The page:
The Constitutional Court of Colombia recently issued two decisions restricting the ability of parents and doctors to consent to and perform surgery on intersexed infants.[95] The surgery is known in Columbia as Intersexed Genital Mutilation has been practised there and in most industrialised countries for the past few decades.[96] In the relevant cases, the judges stated that it was possible for the courts to consent to surgery but only in instances where they had access to full and accurate information about the risks involved and about alternative treatment models.

New Paradigm of Treatment

Intersexed infants and adults are not abnormal and in need of "normalising" surgery. Rather, their genitals are merely an anatomical variation of the "standard" genders. While some intersexed genitals may signal a metabolic disease, these incidents are rare; indeed even in such cases the genitals themselves are not diseased and do not pose a medical problem, therefore surgery is not therapeutically required.[97] Cosmetic surgery on the genitalia of intersexed infants should not be routine but should be performed only if and when the child is capable of consenting to such surgery. Any irreversible treatment is unacceptable and all secrecy surrounding treatment should be avoided. This new paradigm is not antisurgery. Many intersexed people request surgery and, at such a time, surgery should be performed. It should also be performed on infants who medically require it.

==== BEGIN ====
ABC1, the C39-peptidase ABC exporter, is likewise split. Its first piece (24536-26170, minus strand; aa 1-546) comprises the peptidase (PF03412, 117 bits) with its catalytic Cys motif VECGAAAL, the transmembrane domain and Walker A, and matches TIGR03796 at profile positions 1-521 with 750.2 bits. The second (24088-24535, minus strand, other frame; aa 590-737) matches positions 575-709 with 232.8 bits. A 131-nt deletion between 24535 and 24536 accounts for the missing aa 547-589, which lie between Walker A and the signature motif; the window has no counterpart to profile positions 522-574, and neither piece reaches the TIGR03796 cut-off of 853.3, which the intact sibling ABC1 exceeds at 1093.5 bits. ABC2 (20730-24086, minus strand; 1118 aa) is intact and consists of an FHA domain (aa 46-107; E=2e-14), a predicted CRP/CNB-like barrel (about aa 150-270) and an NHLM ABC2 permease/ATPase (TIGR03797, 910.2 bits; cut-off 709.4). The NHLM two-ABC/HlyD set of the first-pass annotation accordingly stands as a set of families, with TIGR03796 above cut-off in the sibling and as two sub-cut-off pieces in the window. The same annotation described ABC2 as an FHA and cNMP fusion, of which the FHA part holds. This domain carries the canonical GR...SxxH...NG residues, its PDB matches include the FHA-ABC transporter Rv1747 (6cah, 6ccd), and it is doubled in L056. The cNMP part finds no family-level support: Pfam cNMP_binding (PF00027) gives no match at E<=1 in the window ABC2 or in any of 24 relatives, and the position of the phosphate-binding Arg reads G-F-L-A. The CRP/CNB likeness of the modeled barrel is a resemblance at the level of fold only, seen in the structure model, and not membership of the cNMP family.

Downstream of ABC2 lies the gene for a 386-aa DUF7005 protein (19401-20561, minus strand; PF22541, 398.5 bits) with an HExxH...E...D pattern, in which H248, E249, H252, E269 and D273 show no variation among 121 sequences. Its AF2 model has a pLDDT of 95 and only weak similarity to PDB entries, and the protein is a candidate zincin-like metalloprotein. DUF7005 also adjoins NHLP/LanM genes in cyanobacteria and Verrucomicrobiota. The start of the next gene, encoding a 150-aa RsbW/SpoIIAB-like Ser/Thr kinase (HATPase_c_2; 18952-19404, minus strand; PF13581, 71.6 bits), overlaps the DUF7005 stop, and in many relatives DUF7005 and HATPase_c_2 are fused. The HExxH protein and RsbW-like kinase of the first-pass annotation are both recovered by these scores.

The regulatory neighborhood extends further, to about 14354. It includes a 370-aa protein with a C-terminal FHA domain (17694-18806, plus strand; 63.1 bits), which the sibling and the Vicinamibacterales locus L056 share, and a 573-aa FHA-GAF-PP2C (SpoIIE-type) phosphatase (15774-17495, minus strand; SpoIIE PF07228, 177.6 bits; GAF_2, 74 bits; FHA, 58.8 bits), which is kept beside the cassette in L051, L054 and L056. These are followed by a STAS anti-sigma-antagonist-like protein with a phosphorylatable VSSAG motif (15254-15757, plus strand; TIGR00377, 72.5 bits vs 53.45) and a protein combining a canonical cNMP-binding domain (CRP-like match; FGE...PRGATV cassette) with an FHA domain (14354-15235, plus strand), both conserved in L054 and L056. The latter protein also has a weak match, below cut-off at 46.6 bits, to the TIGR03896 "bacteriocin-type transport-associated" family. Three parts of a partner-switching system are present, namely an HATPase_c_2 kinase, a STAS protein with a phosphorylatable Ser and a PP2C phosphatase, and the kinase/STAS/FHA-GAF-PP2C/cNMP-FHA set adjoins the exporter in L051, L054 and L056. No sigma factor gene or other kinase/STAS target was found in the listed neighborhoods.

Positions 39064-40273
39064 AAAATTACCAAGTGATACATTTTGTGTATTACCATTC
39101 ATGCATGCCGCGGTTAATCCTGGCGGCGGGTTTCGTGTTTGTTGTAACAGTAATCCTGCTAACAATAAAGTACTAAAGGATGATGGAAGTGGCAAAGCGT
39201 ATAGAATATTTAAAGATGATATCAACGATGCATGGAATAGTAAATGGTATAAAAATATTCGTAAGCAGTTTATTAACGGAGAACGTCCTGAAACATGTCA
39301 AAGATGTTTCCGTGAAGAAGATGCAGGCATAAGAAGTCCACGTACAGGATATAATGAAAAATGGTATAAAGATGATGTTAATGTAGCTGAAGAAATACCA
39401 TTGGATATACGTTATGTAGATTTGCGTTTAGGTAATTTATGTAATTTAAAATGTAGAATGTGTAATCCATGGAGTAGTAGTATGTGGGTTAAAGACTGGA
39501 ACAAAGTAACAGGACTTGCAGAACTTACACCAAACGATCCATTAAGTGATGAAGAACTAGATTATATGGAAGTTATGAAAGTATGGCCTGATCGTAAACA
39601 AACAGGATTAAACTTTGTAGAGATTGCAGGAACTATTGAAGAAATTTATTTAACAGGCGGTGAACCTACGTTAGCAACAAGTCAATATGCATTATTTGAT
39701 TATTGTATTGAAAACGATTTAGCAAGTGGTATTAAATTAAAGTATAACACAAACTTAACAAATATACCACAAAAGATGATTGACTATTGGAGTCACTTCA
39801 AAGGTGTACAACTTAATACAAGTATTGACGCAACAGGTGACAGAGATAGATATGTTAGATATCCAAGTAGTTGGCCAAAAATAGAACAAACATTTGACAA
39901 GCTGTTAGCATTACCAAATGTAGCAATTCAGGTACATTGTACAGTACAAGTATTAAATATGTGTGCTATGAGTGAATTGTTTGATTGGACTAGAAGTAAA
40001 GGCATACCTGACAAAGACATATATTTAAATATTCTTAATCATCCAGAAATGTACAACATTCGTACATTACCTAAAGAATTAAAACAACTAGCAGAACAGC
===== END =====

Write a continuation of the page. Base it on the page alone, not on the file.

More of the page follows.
It is important to note that this new paradigm of treatment does not advocate that children be raised genderless.[98] Doctors and families can assign a gender to the child based on genetic tests and information and histories of intersexed people with their particular child's condition. Gender is determined by various factors, not merely by the appearance of genitals, or by fertility, hormones, or social conditioning.


The 1989 United Nations Convention on the Rights of the Child clearly demonstrated a new recognition of children?s rights; and children in all countries should be permitted to exercise their rights, powers and freedoms. Through ratification, the Australian Government has acknowledged that the child is a competent decision-maker on matters which concern the child's future.[99] In addition, there is a growing belief that involving children in decisions regarding their medical treatment will benefit their psychological health and ultimately increase the efficacy of the treatment.[100]

Common Law

Through their judgements, judges have the opportunity to help shape ideas of societal norms. When cases dealing with gender assignment reach the courts, judges should consider the social and psychological impact which such surgery is likely to have on infants. They should use these situations as an opportunity to be catalysts for change through pointing out that there is nothing wrong with intersexed children, even though their appearance does not conform to that of the "standard" of male or female. In addition, the courts must reconsider the "best interests" test in order to determine whether it adequately serves intersexed children by truly considering their best interests.